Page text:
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Teachers And Those Magical OK Go Videos: A Match Made In Science?

Teachers are using OK Go videos — like <em>This Too Shall Pass</em> — to teach students about science and math concepts.
Teachers are using OK Go videos — like This Too Shall Pass — to teach students about science and math concepts.

If you've ever gone down the rabbit hole that is OK Go's YouTube channel, then you know how insanely cool the band's music videos are.

Sure, OK Go is a rock band. Their songs get on the radio, they've played sold-out shows, but the group is far better known for their really complex and elaborate videos.

There's the one (viewed 41 million times) where they're all dancing on treadmills, jumping back and forth in time to the music. Another (12 million views) where the band is flying — and singing and dancing — in an anti-gravity plane; they open a box of balls and the little spheres just float through space, suspended in air.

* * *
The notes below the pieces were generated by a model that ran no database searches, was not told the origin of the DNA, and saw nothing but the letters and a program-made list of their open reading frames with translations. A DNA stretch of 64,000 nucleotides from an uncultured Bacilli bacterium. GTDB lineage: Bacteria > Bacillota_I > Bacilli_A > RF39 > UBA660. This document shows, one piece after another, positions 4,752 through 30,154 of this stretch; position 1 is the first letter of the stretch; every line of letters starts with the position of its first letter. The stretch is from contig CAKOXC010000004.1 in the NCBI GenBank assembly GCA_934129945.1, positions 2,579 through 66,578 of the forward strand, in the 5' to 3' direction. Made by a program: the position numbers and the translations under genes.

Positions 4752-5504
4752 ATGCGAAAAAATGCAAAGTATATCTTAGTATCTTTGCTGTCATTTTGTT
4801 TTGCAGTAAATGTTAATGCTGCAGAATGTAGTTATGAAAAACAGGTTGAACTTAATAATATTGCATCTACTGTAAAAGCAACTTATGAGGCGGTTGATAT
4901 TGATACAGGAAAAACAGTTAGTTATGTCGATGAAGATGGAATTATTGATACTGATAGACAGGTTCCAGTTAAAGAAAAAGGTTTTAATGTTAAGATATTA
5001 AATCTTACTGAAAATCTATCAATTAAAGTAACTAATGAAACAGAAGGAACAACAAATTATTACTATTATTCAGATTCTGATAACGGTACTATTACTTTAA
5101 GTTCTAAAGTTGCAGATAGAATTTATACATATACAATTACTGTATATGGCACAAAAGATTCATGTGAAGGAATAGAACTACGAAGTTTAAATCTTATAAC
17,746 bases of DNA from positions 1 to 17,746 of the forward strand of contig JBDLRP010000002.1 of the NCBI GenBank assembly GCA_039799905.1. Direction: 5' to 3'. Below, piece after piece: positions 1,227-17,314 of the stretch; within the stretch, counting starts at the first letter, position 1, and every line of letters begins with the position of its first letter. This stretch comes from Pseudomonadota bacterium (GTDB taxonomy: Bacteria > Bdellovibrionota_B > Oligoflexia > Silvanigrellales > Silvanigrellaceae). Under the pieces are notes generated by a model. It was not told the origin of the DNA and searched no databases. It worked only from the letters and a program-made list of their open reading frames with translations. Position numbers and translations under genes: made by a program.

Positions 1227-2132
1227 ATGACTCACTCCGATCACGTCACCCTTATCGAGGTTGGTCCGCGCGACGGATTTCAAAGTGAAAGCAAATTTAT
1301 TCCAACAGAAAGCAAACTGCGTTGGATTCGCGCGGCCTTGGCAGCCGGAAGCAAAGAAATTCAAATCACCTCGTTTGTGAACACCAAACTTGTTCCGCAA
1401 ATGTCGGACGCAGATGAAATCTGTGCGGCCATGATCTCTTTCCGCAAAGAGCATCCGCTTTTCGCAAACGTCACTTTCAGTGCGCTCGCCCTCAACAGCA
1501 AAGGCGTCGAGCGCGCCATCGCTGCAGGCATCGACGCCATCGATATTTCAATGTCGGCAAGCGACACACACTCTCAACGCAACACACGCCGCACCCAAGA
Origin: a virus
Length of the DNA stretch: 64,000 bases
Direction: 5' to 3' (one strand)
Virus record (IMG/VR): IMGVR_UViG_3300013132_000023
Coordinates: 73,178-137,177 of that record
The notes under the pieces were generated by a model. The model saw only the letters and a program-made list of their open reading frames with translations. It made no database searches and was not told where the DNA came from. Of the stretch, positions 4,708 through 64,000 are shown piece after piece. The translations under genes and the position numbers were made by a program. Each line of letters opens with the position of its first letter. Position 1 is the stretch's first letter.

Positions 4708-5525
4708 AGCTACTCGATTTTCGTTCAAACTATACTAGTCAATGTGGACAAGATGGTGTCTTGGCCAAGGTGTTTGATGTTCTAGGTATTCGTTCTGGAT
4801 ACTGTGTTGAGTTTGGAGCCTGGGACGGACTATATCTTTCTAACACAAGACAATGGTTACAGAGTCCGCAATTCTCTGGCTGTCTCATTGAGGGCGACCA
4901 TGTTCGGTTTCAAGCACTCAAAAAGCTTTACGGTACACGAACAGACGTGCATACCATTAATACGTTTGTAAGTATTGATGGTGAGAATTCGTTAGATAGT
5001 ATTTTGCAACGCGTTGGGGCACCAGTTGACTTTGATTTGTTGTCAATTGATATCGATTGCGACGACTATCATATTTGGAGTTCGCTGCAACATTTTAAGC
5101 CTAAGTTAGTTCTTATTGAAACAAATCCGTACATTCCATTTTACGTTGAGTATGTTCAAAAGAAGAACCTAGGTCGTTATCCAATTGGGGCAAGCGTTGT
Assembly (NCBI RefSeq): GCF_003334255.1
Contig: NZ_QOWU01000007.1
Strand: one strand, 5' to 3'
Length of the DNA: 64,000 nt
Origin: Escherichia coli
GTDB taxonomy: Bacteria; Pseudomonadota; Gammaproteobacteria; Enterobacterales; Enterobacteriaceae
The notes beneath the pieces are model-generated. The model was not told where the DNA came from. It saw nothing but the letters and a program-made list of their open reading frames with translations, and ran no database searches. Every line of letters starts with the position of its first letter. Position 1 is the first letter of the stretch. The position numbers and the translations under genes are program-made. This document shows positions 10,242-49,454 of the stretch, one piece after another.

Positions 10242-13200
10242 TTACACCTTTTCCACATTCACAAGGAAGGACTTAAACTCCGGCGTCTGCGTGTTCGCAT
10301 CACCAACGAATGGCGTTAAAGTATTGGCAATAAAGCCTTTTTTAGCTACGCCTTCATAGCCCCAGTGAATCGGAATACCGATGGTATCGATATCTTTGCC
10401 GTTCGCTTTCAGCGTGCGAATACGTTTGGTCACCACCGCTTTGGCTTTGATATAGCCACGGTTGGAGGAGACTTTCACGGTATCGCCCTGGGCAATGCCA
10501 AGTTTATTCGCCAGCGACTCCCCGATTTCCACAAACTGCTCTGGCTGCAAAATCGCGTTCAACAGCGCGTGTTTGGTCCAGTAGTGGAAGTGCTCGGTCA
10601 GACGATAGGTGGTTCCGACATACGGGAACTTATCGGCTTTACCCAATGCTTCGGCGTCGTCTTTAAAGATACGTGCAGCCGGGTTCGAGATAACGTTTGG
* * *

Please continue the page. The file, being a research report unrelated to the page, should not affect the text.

All those millions of viewers? It turns out many of them are teachers and their students.

"I subliminally brainwashed my kids into being OK Go fans," jokes Jennie Magiera, who taught in Chicago's public schools for 10 years. "The music videos are viral, and you watch them and you're like, 'How did they do that?' "

And, as any teacher knows, when kids are curious, it makes them eager to learn.

Magiera points to the video for "Here It Goes Again" — the one with the treadmills. It became a staple in her middle school math classes.